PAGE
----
Posts Tagged ‘ JavaScript ’

Finding the best way to query news items

The XSLT code for the site is done! Now I am focusing more on different ways the user can search for different news items. As mentioned in a previous post, I’ve been looking at using a multi-level JavaScript drop-down menu, a search box or a combination of the two.

An attempt to present all the countries and cities that appear in the scraped RSS XML makes for a drop-down or scroll-down menu that is way too long to be practical. Also, instead of using a menu for sorting stories by format (text, video, audio, et. al.) I’d rather use the simple icon key explained in that same post. Thus, menus for my project are a no go for now.

Another minor issue I’d like to work out is how to present overlapping file types. For example, I want to be able to present the link to a story that has text with an embedded video as having video and text. So far I’m thinking of using another so-called “code scraper” such as HtmlCleaner, which turns HTML code into plain text. Continue reading

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Making it work

Each format may contain one or more of these iconsI’ve been plugging away at the XSL loop for a solid week now. I think I’ve nearly exhausted all that XSLT can do for this project, which I am mainly using to call information from a massive database when certain conditions are met. For example, I was able to make it so that when “Israel” is selected as the location, all of the stories involving Israel will show up with the news item’s headline (wrapped in the story’s permalink), over the publication date, the lede and icons corresponding to the news item’s format (text, audio, video and commentary).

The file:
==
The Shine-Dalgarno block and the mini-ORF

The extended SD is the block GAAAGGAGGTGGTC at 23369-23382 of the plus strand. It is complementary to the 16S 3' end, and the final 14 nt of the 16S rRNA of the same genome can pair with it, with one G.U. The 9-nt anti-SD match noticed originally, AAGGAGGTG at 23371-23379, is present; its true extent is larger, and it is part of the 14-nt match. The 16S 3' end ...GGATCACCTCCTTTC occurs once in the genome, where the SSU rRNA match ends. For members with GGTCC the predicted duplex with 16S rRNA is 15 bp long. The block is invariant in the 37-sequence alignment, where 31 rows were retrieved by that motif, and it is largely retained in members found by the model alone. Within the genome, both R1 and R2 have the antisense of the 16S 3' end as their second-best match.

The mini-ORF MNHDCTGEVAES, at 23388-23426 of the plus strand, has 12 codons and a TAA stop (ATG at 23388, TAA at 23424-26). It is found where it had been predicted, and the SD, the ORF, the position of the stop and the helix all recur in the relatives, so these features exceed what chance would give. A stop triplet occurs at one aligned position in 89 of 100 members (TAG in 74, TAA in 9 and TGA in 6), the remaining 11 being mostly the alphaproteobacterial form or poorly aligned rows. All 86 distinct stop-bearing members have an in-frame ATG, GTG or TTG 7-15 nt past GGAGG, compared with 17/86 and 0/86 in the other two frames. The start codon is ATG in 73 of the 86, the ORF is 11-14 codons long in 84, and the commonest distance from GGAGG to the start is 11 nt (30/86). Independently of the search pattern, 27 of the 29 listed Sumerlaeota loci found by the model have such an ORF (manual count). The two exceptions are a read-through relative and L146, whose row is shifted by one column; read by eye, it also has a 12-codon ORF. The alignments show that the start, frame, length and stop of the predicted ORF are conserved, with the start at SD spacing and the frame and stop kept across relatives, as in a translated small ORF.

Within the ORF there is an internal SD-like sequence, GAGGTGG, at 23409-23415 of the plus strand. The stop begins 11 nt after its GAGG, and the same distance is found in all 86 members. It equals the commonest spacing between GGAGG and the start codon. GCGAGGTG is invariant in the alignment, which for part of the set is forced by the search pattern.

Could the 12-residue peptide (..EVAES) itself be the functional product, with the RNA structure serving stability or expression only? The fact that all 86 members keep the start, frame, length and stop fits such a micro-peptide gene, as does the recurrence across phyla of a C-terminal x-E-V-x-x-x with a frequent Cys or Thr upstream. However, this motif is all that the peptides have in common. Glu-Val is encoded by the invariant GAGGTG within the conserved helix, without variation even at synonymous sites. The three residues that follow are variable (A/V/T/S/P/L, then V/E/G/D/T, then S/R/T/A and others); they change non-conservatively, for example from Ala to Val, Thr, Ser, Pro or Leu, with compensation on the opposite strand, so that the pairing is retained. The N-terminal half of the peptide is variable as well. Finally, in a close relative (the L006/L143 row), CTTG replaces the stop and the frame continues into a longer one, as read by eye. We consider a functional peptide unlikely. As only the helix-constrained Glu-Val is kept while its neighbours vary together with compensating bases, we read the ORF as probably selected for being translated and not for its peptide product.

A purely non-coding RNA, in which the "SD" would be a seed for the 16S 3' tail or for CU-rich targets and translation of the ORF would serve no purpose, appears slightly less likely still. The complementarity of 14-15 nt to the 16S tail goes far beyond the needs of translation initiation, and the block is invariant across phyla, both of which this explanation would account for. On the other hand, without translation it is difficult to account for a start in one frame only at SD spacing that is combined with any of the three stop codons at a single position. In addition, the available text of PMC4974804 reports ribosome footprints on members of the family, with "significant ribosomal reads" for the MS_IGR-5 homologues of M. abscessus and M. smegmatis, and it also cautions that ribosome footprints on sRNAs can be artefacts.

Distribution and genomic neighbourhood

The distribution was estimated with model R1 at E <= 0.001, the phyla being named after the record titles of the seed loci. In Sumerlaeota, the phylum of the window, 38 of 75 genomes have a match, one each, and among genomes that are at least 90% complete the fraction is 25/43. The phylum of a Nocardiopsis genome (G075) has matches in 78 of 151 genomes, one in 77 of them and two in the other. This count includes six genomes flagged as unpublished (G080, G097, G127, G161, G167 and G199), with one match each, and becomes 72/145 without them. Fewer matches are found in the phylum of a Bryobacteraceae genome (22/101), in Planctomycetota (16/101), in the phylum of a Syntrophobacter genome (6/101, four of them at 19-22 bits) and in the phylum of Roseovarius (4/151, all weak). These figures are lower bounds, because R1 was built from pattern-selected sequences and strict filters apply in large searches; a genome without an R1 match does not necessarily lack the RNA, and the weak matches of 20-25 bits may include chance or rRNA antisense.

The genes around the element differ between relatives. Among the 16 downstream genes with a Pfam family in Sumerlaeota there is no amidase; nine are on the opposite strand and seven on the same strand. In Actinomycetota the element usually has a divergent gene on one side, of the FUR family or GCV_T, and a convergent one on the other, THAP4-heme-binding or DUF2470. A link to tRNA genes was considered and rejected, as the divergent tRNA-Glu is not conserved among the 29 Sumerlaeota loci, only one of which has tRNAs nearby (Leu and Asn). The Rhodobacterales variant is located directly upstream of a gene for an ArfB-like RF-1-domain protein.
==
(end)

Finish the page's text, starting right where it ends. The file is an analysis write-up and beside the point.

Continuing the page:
Although I include the publication date as part of each item’s presentation, it will not bear any impact the site’s organizing principle. Each item’s story location(s) will also show up as a dot on a world map. Hovering over either a dot or its corresponding news item’s box brings focus to both the news item and the dot (i.e. by fading out all other story items and dots). Continue reading